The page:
USF Infectious Diseases Fellows, From Left to Right: Dr. Vidhya Sabapathy, Dr. Ju Hee Katzman, Dr. Greg Teo, Dr. Carlos Lopez-Perez, and Dr. Andrew Nguyen
USF’s Infectious Diseases fellows and faculty were well-represented at the Infectious Diseases Society of America’s annual IDWeek ’19 session, held in Washington, D.C., from October 2 to 6, 2019. USF’s ID Division was collectively responsible for 14 poster presentations displayed between October 3rd through the 5th, and USF ID faculty Associate Professor Dr. Jamie Morano presented in a symposium on her experience in crafting the James A. Haley VA hospital’s outstanding ID Telehealth program, a national leader in the VA system.
A selection of the diverse poster sessions that were presented appears below:
Author and second-year ID fellow Ju Hee Katzman and her co-authors shared data on a series of 38 breast cancer patients who developed gram-negative skin and soft tissue infections following tissue expander surgery. The three most common pathogens found were Pseudomonas aeruginosa, Serratia marcescens, and Klebsiella pneumoniae. They concluded that in centers with a high percentage of gram-negative rods skin and soft tissue infections following tissue expander surgery, treating physicians should consider using perioperative antibiotics that include coverage against Pseudomonas, the most common isolate (45%).
Former (2017-2019) infectious disease fellow Dr. Shylah Moore and colleagues presented a poster on a five-year retrospective review within Florida’s Hillsborough County Department of Health comparing the trends and outcomes among HIV infected versus HIV uninfected patients with tuberculosis. Results suggested an HIV-TB coinfection rate that is slightly higher than the national population, with co-infected patients in the study sample having a statistically significant higher rate for cavitary TB.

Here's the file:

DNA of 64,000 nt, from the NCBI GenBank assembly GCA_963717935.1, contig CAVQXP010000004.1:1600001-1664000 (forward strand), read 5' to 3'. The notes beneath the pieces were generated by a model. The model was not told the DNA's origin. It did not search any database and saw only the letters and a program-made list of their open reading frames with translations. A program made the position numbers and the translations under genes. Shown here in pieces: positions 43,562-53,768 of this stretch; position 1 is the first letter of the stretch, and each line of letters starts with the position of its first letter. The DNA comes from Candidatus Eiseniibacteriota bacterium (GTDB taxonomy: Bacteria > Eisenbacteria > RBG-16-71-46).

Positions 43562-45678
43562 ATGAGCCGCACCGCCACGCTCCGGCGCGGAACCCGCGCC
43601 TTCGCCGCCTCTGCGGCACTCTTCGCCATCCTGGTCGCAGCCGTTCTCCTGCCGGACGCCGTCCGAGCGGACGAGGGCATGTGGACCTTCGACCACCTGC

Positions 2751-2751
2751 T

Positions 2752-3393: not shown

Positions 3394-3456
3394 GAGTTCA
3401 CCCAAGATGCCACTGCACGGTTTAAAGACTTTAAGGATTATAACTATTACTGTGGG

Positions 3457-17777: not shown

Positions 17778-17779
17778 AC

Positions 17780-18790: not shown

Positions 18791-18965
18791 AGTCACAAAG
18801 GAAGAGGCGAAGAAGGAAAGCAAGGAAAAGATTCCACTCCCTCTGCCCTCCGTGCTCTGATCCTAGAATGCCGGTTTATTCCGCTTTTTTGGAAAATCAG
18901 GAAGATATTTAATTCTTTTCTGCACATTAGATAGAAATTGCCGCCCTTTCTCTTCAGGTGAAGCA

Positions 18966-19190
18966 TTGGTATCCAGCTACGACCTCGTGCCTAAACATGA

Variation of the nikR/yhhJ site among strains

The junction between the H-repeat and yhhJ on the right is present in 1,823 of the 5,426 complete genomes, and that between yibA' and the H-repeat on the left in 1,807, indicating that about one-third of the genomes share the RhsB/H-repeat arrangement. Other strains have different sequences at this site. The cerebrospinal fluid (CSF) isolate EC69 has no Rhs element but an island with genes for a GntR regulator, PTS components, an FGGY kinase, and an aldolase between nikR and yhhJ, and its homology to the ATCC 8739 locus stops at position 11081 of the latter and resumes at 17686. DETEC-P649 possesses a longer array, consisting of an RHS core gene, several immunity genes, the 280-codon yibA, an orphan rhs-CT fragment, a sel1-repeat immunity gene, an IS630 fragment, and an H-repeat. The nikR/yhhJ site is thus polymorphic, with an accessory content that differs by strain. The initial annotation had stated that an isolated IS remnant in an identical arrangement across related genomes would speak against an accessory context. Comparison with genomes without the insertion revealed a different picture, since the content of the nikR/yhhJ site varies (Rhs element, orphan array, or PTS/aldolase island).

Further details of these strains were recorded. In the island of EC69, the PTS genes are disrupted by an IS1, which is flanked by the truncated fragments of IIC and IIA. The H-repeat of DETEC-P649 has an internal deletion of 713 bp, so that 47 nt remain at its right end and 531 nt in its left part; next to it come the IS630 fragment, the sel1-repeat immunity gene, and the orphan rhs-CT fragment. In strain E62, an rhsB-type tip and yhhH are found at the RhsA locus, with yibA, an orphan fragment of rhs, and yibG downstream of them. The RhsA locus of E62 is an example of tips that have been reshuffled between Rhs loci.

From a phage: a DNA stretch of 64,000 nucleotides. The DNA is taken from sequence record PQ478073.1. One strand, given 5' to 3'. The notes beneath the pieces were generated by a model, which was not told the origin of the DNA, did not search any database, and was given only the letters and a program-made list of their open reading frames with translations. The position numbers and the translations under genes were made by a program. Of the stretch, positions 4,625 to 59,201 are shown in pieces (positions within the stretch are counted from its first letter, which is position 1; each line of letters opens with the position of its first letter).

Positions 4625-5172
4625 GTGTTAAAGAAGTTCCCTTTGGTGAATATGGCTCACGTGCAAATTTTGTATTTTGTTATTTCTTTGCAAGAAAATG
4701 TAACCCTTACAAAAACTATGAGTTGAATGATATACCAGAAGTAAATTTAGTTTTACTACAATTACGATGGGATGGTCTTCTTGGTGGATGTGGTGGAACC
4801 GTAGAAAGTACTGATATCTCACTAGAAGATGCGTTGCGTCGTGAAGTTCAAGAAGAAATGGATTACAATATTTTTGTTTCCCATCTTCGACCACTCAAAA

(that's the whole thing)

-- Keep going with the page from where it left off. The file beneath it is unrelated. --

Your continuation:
Dr. Vidhya Sabapathy in front of her poster
Second year fellow Dr. Vidhya Sabapathy and colleagues reported on a retrospective analysis of 61 adult patients between 2010 and 2018 who were diagnosed and being treated for acute leukemia. All of the selected patients experienced severe neutropenia for 7 days or greater. Patient characteristics and infectious complications were examined. The most common diagnosis was AML. Bloodstream infections were the most common site, followed by respiratory tract infections. Gram-positive organisms were the leading etiology of bacteremias. In the subset of patients undergoing multiple induction chemotherapy, gram-negative pathogens were the leading cause of the bloodstream infections.
Dr. Shylah Moore and Colleagues’ Poster on Nocardia beijingensis
Dr. Shylah Moore, Dr. Johanna Asquith, and colleagues also reported on a retrospective chart review of 6 cases of a more recently described Nocardia strain first isolated in 2001 from sewage soil in China. The purpose of the study was to determine the risk factors and clinical manifestations of Nocardia beijingensis infection. All of the cases reviewed involved immunocompromised patients, were predominantly male, and had a mean age of 48. Most had lung involvement. Atypical manifestations included thecal sac infection and femur osteomyelitis. All isolates were susceptible to trimethoprim/sulfamethoxazole, but ceftriaxone and carbapenems were mostly used.
Dr. Carlos Perez-Lopez, a second year infectious diseases fellow and other co-authors reviewed a retrospective cohort of patients for seropositivity to Strongyloides stercoralis who underwent transplant evaluation from 2014-2016. A total of 228 charts were reviewed, and 113 seropositive patients were identified. Male gender and caucasian race predominated in both the seronegative and seropositive groups. The study did not find any statistically significant difference in the demographic characteristics or risk factors that can be used for prediction of Strongyloides seropositivity among solid organ transplant candidates. Thus, the validity of universal screening was reinforced.
Dr. Jamie Morano, far left, on the panel at “Success Stories in Telehealth.”
Dr. Jamie Morano presented as part of the symposium, “Success Stories in Teleheath,” on “ID Telehealth Best Practices: Veterans Administration.” She presented with Christopher Crnich, MD, and Rima Abdel-Massih, MD, with Moderator John Lynch, MD, also on the podium.
For more information about IDWeek’s 2019 Scientific program, please visit the interactive program page.